I do not know what that term means, only that neither I nor my husband for nearly fifteen years probably do not fit most people’s description of the term.

He is from the south and grew up milking cows, mending fence, splitting wood and building his own workshop as a kid to invent things and learn physics. When he was two years old his grandmother started reading him the encyclopedia. He is brilliant.

I grew up in the country, up north, where I had access to a university, music, art, dance and was relegated to the back of the classroom with a boy during reading hours for advanced literature of our choice. Yes, he was reading sports books and I was reading Death Be Not Proud and The Diary of Anne Frank. I was six. I’m smart, too, but in a very different way.

We’ve never been considered “normal” by many standards but we met shortly after 9/11, fell in love, met the folks and eloped. My folks had split up and I didn’t want them to have to sit together or anyone to pay for anything for us. Cheers from the architect of the War of Northern Aggression, no I wasn’t born in 1800 but am starting to look like it! That’s what his father calls me, I am the cause of the Civil War. I love him!

I’ve always been a glass half-full kind of gal and my husband a pragmatic physicist and engineer, which is more half-empty. When things go kerflooy around here I take care of my family (including the dog) and batten down the hatches. He goes on as if everything is OK, and it always turns out to be OK. He just does things like normal. We change roles.

Heaven forbid, the last thing we wish to do is be normal. Come on, I volunteered for six years to take care of Greyhounds rescued from racetracks, and spay/neuter 2,500 feral cats. Is that normal? My husband didn’t think so. When we moved I had to give that up. We both had strict upbringings of very different sorts but when we are together our personalities mesh into what is our version of normal. Cheers! Dee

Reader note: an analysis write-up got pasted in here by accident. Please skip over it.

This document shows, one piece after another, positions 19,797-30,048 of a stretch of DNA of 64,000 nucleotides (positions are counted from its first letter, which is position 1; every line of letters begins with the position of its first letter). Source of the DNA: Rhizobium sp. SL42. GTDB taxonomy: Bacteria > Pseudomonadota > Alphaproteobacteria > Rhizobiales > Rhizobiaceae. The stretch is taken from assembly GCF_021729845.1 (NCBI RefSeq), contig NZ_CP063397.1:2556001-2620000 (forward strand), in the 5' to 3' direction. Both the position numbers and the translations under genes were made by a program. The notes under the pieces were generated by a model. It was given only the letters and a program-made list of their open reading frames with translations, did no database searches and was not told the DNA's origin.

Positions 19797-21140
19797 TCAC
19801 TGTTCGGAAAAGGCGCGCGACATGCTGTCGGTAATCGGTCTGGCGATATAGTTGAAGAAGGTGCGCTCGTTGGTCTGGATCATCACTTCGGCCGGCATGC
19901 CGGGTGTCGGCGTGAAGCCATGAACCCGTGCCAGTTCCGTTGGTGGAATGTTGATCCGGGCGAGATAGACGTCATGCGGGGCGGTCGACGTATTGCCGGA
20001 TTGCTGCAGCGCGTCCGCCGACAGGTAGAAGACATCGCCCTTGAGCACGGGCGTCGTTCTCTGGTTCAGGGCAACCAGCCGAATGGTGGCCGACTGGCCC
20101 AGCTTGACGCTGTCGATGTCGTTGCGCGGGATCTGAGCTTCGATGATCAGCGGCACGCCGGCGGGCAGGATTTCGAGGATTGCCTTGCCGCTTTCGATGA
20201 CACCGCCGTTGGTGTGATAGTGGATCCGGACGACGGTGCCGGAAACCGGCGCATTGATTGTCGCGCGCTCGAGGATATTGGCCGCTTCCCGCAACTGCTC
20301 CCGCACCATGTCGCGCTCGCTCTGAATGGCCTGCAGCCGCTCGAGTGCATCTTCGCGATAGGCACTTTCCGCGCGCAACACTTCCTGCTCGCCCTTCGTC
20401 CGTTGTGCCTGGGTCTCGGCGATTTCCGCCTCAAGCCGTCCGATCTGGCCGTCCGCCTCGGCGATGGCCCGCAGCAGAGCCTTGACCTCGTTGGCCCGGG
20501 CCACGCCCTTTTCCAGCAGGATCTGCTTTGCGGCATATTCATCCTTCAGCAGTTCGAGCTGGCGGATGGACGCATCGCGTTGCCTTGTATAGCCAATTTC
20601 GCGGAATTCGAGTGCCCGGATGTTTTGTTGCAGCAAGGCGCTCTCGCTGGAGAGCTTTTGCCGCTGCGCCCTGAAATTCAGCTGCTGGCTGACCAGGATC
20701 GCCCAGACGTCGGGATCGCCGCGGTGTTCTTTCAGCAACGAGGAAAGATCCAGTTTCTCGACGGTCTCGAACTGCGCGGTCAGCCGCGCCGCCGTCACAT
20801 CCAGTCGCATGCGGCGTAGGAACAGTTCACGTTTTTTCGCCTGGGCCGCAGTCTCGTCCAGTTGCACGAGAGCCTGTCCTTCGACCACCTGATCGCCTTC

One response to ““Normal”

  1. Here’s to the people in the current hurricanes. Make sure to have plenty of water, go to REI to get food packets, and a cheap portable radio to listen to alerts, yes we have a hurricane kit with a crank radio, mylar blankets and a lot more. We went through Ike (Cat 5) nine years ago with no water for two weeks. 150 lofts. My husband and dog slept ten hours through the entire hurricane. I decided to leave the bedroom and blog it in front of the windows until I lost power. 149 units were damaged there, along with many downtown Houston’s skyscrapers. The one loft that was saved was ours.

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